Wednesday, October 21, 2009

sequences, familiar and strange [a teaching post]

for this university, it's that time of the semester when we work towards Taylor serιes expansions. i gave my first lecture today, in this direction; sequences.

almost every calculus textbook i've read will give the Fibonacci sequence as a standard example.

apparently it's "not clear" how to write down the general term.

really- come on. i understand that textbook authors don't want to explain the formula, but don't say it as if a formula were impossible!

i get a kick out of showing them the general formula involving the goldεn ratio. it especially surprises the computer programmers in the audience, who have been indoctrinated that recursιon is holy.

the formula is simple .. just square roots and exponentials.

then again, i don't explain its origins -- maybe that one needs linear algebra. a few students, the curious ones, ask about it. if i had to guess, the other students probably chalk it up to my being over-excited about obscure abstractions (again).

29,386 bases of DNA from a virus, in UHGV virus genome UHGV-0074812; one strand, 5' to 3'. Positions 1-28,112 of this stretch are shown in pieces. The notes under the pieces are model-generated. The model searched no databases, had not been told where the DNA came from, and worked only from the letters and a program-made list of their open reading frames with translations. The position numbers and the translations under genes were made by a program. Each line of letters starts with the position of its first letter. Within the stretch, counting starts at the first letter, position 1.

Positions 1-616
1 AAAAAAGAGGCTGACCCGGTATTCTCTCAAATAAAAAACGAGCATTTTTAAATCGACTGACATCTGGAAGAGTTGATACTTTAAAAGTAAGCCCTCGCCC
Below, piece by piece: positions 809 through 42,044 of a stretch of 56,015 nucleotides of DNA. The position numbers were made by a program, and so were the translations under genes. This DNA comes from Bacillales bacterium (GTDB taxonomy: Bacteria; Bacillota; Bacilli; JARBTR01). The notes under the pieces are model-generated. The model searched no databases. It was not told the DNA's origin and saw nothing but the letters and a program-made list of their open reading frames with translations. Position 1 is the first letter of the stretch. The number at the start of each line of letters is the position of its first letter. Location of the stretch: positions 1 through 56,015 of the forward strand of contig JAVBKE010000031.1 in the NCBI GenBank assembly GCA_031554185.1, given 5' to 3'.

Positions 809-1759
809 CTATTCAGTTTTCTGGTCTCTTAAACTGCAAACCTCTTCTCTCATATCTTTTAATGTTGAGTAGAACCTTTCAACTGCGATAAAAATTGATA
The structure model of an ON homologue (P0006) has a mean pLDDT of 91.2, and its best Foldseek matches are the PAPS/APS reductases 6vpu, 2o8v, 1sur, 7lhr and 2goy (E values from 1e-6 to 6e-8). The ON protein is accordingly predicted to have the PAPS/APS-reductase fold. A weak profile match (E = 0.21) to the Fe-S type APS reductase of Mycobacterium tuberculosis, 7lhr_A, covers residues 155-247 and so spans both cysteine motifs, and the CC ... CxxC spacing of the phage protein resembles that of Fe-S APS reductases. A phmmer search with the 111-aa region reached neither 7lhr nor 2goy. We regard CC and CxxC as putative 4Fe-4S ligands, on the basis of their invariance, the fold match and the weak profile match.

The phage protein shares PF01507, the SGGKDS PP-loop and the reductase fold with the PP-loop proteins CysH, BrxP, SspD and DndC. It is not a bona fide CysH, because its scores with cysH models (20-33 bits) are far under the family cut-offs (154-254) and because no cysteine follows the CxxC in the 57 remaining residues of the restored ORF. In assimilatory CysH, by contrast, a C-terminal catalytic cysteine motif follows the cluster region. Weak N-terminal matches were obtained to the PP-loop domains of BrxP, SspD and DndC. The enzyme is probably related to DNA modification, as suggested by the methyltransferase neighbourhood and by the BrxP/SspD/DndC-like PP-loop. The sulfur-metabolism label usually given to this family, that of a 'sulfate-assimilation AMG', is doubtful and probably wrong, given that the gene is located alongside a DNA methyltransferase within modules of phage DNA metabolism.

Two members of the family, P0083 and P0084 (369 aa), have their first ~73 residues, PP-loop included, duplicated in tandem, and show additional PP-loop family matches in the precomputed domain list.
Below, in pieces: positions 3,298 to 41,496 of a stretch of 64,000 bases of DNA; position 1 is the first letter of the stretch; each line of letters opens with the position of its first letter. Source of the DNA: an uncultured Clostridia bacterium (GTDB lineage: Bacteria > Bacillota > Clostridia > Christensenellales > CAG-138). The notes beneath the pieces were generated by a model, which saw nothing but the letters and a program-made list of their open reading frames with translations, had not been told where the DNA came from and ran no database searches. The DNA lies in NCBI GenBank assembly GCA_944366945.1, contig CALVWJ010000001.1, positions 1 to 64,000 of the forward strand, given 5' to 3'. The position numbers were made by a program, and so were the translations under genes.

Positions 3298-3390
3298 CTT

this year i added a new "weird" example to the lesson: "the see-it-say-it sequence." [1]

the students seemed to receive it well, but only because:
  1. i told them they don't need to know it for homework or for the exam (so that they can relax).

  2. i tell them that they can use the sequence to stump their friends, drive them nuts with a good riddle. honestly, it's not the sort of pattern that's obvious to guess:


    indeed, who doesn't like a good riddle? (-:
all that said, they seemed to tolerate me when i describe that it actually has good limit behavior (but not prove, of course). the same curious students get shocked, which is good.

too often a calculus student thinks that everything has been done, that there is nothing interesting and new in mathematics.

i think it does them good to see that there are always new(ish), unexpected directions. there is something new under the sun, something possible.

as related to a general theme of calculus:

if you can convince the students that they can "do" mathematics, then up to laziness, they will. this is not to say that you must build up their self-esteem, for that must be earned, but to get them to try -- do that, and that is worth something.

[1] benji: if you're reading this, thanks for telling me about this sequence.

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